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The Christ’s Hospital Band performed an impressive Beating Retreat at the Tower of London on Saturday 24 June, at the invitation of the Tower Governor, Andrew Jackson. The 60-strong band of young musicians entertained an audience of over 300 with a unique display drawing inspiration from a dual theme: the Coronation and the 350th year of the foundation of the Royal Mathematical School at Christ’s Hospital.
These two themes were referenced throughout the programme and display, with many maritime pieces played to symbolise the spirit of adventure and discovery associated with the Royal Mathematical School. The audience was treated to a variety of quick and slow marches, with complex patterns accompanied by the tosses of the drum majors. This was followed by an impressive performance of drum splits, before the band marched into a fabulous Venn diagram formation, again referencing the Royal Mathematical School. They went on to form the cypher “CRIII” in honour of the King’s coronation.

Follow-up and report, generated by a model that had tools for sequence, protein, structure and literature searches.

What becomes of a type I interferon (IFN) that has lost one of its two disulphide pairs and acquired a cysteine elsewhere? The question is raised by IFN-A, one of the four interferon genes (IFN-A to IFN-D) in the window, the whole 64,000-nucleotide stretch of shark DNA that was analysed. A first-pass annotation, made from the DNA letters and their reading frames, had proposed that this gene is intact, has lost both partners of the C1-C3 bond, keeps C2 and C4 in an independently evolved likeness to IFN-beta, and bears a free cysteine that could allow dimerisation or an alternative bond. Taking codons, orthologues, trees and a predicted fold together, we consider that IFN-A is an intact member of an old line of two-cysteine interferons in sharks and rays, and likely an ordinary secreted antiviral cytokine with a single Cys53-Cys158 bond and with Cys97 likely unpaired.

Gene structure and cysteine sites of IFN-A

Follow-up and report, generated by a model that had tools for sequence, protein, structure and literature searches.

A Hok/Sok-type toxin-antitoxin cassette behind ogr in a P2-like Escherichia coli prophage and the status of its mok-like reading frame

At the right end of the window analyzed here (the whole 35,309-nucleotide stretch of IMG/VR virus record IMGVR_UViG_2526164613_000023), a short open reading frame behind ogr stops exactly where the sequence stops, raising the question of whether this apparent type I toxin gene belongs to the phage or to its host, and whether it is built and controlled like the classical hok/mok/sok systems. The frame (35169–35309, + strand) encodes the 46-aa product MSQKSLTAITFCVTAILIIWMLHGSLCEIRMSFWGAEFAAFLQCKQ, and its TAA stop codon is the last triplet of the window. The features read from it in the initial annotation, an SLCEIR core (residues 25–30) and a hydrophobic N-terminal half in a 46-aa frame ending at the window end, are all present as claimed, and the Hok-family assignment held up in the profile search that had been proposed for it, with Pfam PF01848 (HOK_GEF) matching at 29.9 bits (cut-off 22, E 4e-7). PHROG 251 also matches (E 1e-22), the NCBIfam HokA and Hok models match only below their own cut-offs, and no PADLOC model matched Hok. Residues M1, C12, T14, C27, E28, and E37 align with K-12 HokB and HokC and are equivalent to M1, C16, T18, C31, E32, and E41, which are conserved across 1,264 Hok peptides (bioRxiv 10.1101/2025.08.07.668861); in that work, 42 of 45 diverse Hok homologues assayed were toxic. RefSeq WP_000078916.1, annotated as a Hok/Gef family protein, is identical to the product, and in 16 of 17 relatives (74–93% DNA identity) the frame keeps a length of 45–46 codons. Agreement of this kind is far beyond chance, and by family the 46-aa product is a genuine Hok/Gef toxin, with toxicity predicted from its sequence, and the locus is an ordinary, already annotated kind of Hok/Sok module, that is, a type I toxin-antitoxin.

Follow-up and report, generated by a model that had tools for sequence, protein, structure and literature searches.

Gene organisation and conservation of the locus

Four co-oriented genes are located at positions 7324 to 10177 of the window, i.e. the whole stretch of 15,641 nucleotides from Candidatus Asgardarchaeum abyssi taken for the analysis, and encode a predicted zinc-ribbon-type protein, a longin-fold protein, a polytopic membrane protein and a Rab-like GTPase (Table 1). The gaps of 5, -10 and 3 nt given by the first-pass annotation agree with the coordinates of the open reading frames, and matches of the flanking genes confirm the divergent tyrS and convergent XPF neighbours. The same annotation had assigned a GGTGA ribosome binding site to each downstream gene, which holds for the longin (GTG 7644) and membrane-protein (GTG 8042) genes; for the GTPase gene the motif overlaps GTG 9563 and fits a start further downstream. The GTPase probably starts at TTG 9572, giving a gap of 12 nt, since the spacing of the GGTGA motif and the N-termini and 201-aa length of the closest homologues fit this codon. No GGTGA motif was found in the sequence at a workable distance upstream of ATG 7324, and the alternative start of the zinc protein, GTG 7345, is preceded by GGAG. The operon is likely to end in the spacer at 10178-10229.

The CH Band rounds off each academic year with Beating Retreat, a display of marching and countermarching as a tribute to those who are leaving, which takes place in the Quad at Christ’s Hospital. It is, however, an unusual honour to have been invited to beat the retreat at the Tower of London.
“When I arrived at the Tower, I learned that the Band had performed here in 1997 and was determined to repeat the occasion,” said Tower Governor, Andrew Jackson. “As a proud Old Blue (former CH pupil), I also discovered 40 years too late that pupils at the school have long had the privilege of visiting free of charge if they are wearing their uniform. The origins of this custom are uncertain but may date to 1673 when the Royal Mathematical School was founded.”
The Royal Mathematical School was established at Christ’s Hospital in 1673 by King Charles II and went on to be shaped by some of the world’s foremost intellect, including Sir Isaac Newton and Sir Christopher Wren. Head Teacher of CH, Simon Reid, said: “The 350th anniversary of the RMS provides an opportunity to mark not only its long history but the continued role it plays in the lives of CH pupils as we prepare them for their place in today’s world.”